26 JULY 1940, Page 14

Ste,—I must disagree with your three correspondents regarding Mr. Chamberlain

and a Conservative betrayal. If they refer to his policy of "appeasement," he had no alternative. He had to reap what others had sown. Continual disarmament and a pacifist outlook on the part of the people forced him to it. The country's general acclamation and his reception in London after Munich showed the people's relief that, at any rate, time was gained and how right was his policy at the time. For some reason " appeasement " is now held in odium, yet it is the very policy we are now using with Japan. Today it gives us about three months ; it gave us twelve in 1939. Certain newspapers are conducting a campaign to get rid of the "Old Gang." They are bold now, they were not so bold two years ago. I am not belittling the new members of the Government, but I do not believe that they could have roused the country any more had not the Germans marched into Holland and Belgium at the time.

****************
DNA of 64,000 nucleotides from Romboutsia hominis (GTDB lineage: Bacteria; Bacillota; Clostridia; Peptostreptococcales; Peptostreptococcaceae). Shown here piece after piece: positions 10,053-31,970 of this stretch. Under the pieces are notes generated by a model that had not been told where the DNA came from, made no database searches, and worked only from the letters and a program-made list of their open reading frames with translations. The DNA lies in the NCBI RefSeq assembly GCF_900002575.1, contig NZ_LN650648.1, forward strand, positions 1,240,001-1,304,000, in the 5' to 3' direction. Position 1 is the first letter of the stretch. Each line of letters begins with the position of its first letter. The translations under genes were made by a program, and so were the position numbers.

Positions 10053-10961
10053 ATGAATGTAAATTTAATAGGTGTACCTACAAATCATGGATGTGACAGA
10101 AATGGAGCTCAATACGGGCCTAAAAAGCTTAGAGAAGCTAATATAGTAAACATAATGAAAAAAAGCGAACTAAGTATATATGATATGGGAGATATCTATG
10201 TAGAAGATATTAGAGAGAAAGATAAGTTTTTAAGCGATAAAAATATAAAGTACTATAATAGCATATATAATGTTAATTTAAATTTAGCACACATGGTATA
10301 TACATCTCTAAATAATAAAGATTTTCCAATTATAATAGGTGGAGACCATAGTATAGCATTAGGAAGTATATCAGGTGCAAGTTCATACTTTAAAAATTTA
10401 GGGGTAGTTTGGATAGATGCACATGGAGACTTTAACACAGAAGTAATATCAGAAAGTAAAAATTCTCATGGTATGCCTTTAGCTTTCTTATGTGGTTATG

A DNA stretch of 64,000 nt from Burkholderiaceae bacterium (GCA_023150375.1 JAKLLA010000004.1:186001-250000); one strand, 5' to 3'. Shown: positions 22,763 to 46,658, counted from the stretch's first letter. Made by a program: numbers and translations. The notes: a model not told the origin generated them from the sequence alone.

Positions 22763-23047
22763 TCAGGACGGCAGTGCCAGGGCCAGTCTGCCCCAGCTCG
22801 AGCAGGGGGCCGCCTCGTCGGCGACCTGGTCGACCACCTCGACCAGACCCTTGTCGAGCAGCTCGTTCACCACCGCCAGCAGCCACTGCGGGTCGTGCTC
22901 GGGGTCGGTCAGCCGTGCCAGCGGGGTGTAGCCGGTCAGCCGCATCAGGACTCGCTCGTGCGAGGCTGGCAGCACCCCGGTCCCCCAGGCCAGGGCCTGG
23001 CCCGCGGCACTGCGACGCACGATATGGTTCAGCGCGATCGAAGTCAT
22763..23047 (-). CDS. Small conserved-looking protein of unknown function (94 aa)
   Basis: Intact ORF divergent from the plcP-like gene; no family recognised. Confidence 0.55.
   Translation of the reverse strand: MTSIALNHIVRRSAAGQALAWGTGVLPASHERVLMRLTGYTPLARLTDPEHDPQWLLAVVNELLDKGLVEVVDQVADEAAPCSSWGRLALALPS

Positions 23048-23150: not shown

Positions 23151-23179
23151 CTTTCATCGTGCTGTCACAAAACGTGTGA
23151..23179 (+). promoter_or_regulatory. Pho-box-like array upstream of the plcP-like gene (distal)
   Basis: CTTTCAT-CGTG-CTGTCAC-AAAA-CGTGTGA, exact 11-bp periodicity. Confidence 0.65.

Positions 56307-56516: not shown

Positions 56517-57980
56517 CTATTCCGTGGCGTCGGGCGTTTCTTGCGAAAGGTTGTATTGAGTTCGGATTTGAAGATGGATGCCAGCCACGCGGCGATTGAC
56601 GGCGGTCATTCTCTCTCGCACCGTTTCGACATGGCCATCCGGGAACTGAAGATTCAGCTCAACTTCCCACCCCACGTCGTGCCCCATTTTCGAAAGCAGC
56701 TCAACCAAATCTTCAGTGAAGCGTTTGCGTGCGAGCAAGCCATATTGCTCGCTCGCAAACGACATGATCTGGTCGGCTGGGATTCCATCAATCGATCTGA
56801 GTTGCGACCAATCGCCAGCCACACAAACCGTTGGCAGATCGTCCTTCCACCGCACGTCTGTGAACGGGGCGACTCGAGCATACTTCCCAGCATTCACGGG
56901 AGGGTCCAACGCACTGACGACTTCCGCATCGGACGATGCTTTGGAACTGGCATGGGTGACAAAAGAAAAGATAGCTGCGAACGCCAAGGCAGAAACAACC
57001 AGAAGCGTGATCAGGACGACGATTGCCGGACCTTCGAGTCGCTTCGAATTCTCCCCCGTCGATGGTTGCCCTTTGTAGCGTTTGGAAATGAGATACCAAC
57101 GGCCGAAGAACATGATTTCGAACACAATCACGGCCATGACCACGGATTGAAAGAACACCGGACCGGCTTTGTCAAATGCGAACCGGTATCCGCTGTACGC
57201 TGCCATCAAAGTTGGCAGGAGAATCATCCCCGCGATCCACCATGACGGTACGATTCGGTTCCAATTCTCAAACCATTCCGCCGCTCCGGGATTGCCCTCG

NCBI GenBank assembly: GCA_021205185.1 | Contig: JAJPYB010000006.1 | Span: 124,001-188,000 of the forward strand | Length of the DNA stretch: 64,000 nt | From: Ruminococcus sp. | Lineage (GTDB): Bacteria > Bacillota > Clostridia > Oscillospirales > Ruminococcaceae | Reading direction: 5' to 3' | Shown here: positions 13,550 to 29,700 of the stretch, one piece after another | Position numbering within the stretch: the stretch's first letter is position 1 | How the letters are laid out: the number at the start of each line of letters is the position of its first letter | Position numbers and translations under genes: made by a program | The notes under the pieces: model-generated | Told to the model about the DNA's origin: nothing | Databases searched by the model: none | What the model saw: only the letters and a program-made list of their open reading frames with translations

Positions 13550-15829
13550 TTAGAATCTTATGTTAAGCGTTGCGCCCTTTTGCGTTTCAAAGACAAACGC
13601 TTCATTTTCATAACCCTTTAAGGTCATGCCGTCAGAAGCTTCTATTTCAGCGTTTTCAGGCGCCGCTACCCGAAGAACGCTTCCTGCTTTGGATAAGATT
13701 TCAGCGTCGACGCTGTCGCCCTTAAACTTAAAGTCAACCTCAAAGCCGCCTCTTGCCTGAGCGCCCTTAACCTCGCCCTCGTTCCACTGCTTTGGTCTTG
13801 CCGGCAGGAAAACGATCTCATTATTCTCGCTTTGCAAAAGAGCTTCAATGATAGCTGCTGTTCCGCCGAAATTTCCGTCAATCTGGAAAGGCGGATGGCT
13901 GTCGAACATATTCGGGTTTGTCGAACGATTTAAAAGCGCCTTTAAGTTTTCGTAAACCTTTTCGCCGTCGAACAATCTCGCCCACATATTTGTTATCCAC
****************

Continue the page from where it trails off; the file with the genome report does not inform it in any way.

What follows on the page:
At least one new Minister was partly responsible for our unprepared. ness, because of his refusal to allow preparation for military service in another sphere of public life. Only one man can claim to have warned the country to rearm that man is Mr. Churchill—a Conservs. tive. Only one man is blindly followed by thinking men and women, that man is Mr. Churchill—a Conservative.—Yours faithfully, Hollin Brigg, Holmbridge, Huddersfield. JOHN BARBER.